According to reports, when India Post completes its computerisation and networking of all the 1.30 lakh branch offices across the country, it is going to provide a solar power back for the computer systems.
Each of the office will get solar panels to ensure the network works even when there is no power.
In all, India Post has 1.55 lakh post offices. All of them will networked.
“This is to ensure that system works uninterruptedly even when if there is no power supply and beneficiaries of social security schemes get payments,” Killi Kruparani, Union Minister of State for Information Technology and Communications, said.
Addressing a press conference here, she said the IT induction programme would cost Rs 4,700 crore and would be completed by March 2014. A pilot project will be launched in Srikakulam (Andhra Pradesh) soon.
India Post will begin work on the country’s fourth Automated Mail Processing Centre (AMPC) in Hyderabad in the next few weeks. The other two centres are located at Delhi, Mumbai and Kolkata.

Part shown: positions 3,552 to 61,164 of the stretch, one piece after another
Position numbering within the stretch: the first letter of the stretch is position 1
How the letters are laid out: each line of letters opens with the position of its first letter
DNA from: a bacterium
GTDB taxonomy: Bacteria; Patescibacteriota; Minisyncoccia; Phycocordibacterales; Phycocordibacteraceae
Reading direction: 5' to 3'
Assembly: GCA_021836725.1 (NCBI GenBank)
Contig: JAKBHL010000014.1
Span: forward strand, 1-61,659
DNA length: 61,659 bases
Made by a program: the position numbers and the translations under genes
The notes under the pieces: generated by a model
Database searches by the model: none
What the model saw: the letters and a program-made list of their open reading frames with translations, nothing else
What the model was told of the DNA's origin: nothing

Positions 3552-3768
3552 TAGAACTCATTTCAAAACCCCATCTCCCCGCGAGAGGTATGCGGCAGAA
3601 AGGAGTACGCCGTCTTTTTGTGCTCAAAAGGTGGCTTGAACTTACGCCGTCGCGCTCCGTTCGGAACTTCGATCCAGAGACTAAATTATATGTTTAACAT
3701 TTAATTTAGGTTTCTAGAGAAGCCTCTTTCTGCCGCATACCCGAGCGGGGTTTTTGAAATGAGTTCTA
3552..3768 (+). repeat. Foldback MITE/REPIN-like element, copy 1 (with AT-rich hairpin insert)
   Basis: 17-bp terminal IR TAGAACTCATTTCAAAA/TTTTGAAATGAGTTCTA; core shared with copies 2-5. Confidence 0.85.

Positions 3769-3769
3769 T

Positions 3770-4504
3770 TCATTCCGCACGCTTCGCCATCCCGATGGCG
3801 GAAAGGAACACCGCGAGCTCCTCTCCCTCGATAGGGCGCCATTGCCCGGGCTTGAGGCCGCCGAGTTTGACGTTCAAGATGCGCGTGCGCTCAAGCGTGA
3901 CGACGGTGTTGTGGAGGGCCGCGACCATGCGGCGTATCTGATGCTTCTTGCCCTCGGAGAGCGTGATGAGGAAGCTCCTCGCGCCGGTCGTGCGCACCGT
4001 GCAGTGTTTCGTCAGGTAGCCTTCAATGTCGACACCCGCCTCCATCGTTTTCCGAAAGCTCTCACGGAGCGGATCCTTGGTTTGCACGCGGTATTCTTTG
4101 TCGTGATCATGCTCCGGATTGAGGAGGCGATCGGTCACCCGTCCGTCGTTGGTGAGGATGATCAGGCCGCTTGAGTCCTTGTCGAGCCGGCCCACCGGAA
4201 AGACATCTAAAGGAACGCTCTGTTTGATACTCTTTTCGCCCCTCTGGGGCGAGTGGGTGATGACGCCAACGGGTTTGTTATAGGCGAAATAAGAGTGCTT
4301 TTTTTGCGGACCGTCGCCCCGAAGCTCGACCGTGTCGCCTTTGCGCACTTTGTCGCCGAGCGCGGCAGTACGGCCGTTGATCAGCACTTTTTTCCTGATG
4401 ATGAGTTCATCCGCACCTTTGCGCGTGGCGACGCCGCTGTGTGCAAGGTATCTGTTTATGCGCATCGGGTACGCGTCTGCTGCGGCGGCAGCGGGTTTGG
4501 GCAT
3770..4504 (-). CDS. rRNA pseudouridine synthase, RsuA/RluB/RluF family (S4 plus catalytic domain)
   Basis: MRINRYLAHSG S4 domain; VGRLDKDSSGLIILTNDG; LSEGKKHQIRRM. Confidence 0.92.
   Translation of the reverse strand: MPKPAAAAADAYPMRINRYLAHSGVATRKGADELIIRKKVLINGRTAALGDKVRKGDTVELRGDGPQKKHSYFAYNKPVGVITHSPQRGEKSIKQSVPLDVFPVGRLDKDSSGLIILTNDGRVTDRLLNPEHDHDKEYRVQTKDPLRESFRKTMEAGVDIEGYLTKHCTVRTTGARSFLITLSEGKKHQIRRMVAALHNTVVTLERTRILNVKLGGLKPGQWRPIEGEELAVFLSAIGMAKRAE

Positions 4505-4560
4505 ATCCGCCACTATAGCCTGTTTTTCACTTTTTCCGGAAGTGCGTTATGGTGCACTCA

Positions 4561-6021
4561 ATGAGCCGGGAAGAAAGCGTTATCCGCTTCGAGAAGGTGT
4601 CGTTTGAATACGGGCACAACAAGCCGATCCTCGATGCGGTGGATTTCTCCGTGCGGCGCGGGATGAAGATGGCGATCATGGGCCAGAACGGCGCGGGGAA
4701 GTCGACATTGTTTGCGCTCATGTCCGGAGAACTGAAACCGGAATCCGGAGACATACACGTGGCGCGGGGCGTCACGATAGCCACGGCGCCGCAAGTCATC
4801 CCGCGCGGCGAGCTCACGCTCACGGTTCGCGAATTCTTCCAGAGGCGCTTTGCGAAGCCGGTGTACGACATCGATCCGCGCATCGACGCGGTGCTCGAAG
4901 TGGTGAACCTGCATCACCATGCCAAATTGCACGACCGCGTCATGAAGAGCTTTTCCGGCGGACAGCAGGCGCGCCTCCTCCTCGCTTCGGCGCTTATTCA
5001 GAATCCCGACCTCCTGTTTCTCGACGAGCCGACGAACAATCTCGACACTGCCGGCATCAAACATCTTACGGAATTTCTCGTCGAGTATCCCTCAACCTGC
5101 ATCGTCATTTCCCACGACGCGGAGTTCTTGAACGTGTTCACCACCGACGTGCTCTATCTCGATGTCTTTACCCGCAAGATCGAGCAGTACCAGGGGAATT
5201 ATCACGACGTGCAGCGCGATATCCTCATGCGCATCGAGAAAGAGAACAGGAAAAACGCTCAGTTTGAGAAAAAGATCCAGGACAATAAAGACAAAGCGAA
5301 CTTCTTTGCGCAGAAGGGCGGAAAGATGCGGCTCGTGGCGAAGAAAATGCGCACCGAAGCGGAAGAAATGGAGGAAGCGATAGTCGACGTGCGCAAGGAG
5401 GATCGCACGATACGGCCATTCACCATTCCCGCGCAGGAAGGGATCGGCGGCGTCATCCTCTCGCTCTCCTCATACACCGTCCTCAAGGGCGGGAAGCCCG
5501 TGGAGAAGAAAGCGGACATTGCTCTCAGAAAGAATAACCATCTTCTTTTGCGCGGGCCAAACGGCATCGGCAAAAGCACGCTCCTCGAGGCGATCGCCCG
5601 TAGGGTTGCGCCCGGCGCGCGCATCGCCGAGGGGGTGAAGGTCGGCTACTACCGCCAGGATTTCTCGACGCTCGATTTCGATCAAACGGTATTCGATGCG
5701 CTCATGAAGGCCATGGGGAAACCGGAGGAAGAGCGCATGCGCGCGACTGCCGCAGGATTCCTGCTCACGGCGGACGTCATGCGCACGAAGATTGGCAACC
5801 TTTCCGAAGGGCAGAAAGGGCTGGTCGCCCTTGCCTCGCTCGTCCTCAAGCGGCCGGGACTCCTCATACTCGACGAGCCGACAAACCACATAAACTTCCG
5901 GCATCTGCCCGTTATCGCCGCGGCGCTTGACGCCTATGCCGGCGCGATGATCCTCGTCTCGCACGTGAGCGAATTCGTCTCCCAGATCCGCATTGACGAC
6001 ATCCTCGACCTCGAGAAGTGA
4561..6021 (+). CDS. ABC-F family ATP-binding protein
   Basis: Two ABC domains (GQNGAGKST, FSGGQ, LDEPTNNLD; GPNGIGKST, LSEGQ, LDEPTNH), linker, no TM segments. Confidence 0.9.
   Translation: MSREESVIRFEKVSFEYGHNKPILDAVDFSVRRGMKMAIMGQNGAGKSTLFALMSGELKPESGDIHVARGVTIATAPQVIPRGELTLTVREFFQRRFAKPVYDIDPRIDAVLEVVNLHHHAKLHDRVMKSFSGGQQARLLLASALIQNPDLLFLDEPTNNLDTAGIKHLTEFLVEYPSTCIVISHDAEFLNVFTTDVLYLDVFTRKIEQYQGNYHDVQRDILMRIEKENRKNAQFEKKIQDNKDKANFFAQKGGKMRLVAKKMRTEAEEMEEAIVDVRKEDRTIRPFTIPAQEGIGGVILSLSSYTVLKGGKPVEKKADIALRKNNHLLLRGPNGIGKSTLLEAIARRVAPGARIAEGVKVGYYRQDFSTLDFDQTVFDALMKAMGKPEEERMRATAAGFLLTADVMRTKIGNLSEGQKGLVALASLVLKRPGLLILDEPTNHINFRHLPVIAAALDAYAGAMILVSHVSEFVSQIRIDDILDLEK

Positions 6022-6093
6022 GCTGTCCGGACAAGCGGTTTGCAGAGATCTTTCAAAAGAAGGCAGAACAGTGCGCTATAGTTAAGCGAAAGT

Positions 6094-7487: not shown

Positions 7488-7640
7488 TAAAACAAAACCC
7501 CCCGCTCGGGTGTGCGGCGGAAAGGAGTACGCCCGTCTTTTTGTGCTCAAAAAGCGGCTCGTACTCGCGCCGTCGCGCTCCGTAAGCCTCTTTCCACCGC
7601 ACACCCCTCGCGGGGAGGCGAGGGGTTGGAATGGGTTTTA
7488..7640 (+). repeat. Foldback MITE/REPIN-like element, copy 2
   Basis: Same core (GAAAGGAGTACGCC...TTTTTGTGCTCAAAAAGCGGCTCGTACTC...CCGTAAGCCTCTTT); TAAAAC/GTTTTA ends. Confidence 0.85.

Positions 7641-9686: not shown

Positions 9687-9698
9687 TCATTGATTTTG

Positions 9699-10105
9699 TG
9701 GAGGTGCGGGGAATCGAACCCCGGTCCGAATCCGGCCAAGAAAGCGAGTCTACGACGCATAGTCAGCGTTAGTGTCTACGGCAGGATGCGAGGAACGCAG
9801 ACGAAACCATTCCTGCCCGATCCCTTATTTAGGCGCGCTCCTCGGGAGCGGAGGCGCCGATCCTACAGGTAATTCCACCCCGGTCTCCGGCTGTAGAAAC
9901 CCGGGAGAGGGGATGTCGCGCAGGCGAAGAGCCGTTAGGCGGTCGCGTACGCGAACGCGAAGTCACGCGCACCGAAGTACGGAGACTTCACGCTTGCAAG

The Rs 60-crore centre, coming up near the international airport at Shamshabad, can sort 30,000 mails every hour. This is expected to reduce time to deliver the mails. “Using powerful scanners and IT solutions, the machines sort out the mail after reading pincodes and other details in the address area as the mail travels on the conveyor belts,” he said.
The Department delivers 1.75 crores of letters, 2.7 lakhs of parcels and 1.9 crore money orders every day.
The Government will set up the National Institute of Electronics and Information Technology Centre at Srikakulam, the hometown of the Minister, with an outlay of Rs 50 crore. The centre would offer short-term and long-term courses in information technology.